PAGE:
Gold scores record high at 1,245 dollars an ounce
Gold prices smashed their way to a new record peak above 1,245 dollars an ounce on Wednesday, with demand propelled by investors seeking shelter from the eurozone debt crisis, analysts said.
The precious metal extended a blistering run, soaring as high as 1,245.07 dollars in late morning trade on the London Bullion Market.
"Gold has extended its gains ... setting fresh lifetime highs," said analyst James Moore at specialist metals website TheBullionDesk.com.
Heightened concerns about the risk of contagion from Greece's debt woes have attracted fresh inflows of cash into gold, which is widely regarded as a safe bet in times of economic uncertainty.
Markets were buoyed on Monday after the European Union and the International Monetary Fund gave their backing to a 750-billion-euro rescue plan for crisis-hit euro countries aimed at limiting the fallout from Greece.
However, many investors remain unconvinced that the massive scheme will resolve the crisis over levels of sky-high state debt.
"The actions by the EU and IMF and forming of a new UK government may go some way to dampen volatility," added Moore.
"However, the sheer scale of fiscal deficits facing numerous countries is likely to prompt further diversification ... and should ultimately propel gold to fresh highs."
Traders remain fearful that the Greek crisis could spread to other peripheral eurozone economies, notably Portugal, Ireland, Italy and Spain. That could send shockwaves through the global financial system.
"Persisting worries that the debt crisis in the eurozone could spill over to other countries -- despite the EU's 750-billion-euro aid package -- and thus contribute to a destabilisation of the financial system are driving investors to the yellow metal," said Commerzbank analyst Carsten Fritsch.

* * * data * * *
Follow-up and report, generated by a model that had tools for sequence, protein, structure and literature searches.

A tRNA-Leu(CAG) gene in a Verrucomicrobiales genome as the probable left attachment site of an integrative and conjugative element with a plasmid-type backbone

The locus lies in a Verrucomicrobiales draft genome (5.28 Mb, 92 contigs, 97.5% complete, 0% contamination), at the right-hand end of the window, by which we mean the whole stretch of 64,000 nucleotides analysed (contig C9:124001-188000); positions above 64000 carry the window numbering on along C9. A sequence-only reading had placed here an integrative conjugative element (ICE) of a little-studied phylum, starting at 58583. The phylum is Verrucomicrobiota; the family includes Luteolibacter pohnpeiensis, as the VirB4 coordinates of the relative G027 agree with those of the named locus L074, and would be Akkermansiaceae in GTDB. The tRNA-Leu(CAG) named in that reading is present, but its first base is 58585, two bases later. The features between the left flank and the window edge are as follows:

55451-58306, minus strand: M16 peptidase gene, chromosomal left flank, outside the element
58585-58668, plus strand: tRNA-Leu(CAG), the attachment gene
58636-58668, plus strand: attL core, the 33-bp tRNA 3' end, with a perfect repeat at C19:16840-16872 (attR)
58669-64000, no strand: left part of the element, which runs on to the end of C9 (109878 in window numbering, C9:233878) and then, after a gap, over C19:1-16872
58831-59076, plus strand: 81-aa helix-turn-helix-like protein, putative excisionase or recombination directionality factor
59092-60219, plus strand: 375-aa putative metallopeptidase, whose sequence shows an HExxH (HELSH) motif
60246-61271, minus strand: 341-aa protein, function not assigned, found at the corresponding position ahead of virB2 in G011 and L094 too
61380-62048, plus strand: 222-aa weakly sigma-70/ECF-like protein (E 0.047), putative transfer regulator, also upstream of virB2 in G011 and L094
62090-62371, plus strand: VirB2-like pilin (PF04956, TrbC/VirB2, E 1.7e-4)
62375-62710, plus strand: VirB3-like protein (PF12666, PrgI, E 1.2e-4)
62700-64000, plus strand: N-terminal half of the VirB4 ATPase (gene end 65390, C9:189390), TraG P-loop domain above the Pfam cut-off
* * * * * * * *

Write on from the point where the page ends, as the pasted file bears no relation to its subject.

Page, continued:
"Gold should remain in strong demand as a safe haven in times of crisis and the flight to safety should go on," added Fritsch.
Prior to this week, the precious metal had forged previous record highs late last year on the back of inflationary fears and increasing moves by central banks to diversify assets away from the dollar.
Gold, whose two main drivers are jewellery and investment buyers, is also regarded as a good store of value in times of higher inflation.
Despite the metal's record-breaking run, London-based consultancy Capital Economics predicts that gold will lose its sparkle later this year.
"Unless the government of a major economy actually defaults, or the dollar collapses, we continue to expect gold prices to be back below 1,000 dollars by the end of the year," forecast Capital Economics analyst Julian Jessop.
"The EU rescue package should be enough to avoid an imminent financial meltdown in the eurozone," he added.
"But the required fiscal tightening will undermine the economic recovery in the region, which should keep the euro weak and dollar strong."
A stronger US unit makes dollar-priced gold more expensive for buyers using weaker currencies, which tends to weigh on demand and prices.
© 2010 AFP